# How does common ground work in this Arduino project?

I just saw a video on YouTube explaining common ground with an Arduino, leading to some headaches. I'm a beginner, so I apologize for a primitive question and a primitive description.

In the video, he connected two power sources to each side of the ground line on a breadboard to share a common ground: one 12V and one 5V. He then connected the ground cable of a 5V load closer to the 12V ground side (left side) of the line and the 12V load ground cable closer to the 5V side of the line (right side). I could not stop thinking about what happens where the line intersects. If the 12V circuit is supposed to return to the 12V power source and the 5V circuit to the 5V source, will the circuits go in two different directions at the intersecting segment, and what happens to the voltage? What would happen if you put a multimeter on this part to measure the amps?

I made an image to try to explain my question with conventional path. I'm sure I'm just trying to use the wrong logic...

• I don't understand this picture... where is the supply to the Arduino coming from? A separate battery or some such? If so then that's quite relevant info. Commented Nov 28, 2023 at 14:52

Assuming the currents in the 5V and 12V circuits are equal, say 1A, the sum of current going left and right will be sum up to 0 so in the area you marked no current flows.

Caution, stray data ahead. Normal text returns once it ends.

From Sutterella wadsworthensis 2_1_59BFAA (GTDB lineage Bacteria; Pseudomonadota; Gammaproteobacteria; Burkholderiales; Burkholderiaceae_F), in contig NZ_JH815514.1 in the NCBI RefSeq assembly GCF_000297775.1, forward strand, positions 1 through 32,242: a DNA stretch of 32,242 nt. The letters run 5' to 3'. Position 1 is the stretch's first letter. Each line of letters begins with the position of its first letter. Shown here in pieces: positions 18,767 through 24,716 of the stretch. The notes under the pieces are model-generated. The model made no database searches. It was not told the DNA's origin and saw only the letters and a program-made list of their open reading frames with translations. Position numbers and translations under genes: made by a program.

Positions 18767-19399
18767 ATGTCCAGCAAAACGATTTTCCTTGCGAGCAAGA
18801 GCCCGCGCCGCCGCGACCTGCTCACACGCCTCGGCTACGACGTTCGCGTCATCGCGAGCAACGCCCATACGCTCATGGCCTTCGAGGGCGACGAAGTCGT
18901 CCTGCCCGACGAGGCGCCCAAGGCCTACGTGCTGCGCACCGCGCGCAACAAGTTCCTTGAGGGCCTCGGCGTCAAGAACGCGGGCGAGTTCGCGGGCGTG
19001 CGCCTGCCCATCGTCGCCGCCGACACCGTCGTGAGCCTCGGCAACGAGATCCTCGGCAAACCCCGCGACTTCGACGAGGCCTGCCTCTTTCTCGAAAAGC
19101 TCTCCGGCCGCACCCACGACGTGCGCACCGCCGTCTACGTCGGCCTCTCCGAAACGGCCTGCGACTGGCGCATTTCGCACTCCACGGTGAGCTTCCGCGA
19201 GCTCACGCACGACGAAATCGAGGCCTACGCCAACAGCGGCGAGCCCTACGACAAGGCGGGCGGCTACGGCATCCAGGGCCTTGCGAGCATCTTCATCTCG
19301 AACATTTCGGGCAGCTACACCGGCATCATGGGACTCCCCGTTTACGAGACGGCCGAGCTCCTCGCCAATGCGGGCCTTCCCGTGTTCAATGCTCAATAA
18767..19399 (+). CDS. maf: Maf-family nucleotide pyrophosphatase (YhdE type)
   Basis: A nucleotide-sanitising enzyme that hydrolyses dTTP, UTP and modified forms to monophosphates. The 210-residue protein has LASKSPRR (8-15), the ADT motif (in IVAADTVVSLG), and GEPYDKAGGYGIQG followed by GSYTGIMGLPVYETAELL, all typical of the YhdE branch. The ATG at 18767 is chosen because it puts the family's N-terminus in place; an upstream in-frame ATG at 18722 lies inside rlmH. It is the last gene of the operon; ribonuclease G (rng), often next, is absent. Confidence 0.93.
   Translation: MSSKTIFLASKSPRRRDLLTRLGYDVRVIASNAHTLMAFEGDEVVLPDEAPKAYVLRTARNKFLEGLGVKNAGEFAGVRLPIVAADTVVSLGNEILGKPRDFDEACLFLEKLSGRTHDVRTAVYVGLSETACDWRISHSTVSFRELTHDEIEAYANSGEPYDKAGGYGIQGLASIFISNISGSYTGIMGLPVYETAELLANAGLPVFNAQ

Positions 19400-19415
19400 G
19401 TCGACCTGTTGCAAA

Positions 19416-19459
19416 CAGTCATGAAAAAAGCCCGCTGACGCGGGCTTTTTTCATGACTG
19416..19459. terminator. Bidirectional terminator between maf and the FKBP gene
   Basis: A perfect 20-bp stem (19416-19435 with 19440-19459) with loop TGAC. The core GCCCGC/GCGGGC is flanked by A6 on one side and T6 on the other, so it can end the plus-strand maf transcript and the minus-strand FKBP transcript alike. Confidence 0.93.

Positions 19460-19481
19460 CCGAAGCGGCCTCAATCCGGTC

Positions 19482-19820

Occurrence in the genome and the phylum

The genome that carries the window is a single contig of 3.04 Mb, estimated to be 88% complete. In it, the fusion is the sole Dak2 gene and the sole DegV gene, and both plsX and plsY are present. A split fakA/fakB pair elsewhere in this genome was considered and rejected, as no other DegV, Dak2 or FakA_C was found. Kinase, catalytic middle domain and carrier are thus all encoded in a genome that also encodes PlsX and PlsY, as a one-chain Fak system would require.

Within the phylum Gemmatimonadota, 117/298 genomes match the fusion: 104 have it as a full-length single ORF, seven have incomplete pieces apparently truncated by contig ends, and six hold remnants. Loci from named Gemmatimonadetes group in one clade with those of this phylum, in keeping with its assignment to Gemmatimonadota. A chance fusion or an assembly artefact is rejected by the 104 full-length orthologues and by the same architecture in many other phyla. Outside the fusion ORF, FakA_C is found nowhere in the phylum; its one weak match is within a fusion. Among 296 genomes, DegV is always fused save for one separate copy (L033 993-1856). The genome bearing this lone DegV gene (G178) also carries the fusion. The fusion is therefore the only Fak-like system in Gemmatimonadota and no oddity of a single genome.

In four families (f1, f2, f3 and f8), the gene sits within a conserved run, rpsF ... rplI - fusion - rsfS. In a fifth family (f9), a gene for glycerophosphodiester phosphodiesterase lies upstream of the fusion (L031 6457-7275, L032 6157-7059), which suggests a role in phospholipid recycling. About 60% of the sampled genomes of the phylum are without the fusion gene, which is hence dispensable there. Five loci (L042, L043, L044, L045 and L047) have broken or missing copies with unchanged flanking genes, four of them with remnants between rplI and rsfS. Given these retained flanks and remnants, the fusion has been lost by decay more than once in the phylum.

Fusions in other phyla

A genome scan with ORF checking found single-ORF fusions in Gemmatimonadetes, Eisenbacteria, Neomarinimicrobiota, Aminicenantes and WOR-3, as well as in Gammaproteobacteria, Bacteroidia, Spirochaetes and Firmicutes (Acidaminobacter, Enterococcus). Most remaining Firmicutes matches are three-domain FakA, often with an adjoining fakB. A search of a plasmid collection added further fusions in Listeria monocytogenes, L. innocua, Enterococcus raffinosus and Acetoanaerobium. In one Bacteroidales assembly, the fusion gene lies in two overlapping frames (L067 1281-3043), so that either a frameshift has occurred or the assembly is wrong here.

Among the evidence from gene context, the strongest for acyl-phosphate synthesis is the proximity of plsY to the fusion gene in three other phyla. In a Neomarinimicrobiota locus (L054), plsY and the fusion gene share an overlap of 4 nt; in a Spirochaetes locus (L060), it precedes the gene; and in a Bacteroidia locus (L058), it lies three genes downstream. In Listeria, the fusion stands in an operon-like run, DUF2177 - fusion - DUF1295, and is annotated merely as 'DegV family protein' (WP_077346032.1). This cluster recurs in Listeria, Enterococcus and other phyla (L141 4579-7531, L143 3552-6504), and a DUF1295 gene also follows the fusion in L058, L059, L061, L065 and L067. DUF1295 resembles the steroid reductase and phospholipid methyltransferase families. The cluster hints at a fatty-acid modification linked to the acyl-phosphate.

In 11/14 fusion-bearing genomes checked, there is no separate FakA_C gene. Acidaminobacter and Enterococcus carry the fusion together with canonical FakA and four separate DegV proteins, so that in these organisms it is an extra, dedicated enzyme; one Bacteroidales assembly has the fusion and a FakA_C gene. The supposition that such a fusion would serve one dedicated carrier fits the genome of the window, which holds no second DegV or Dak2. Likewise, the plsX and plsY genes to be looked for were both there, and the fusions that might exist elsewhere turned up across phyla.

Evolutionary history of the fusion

Now, if the currents are not equal, then there will be some amount of current to some direction, depending on which current is smaller and larger.

This is due to Kirchoff's law for currents (KCL), the sum of currents entering and sum of currents exiting a node must be equal.

• Thank you! That cleared up my headache! Commented Nov 29, 2023 at 1:55

What would happen if you put a multimeter on this part to measure the amps?

In the area marked "What happens here" you get both currents flowing but, because they are flowing in opposite directions, the net current is not has high as either of the two individual currents.

what happens to the voltage?

The voltage will still be 0 volts but, breadboard isn't a perfect conductor and, under the influence of any load currents, that voltage may be a few millivolt different on one side compared to the other.

• Thank you for a great explaination. Commented Nov 29, 2023 at 1:55

Illustrating as already pointed out, here is a simulation of what can happens.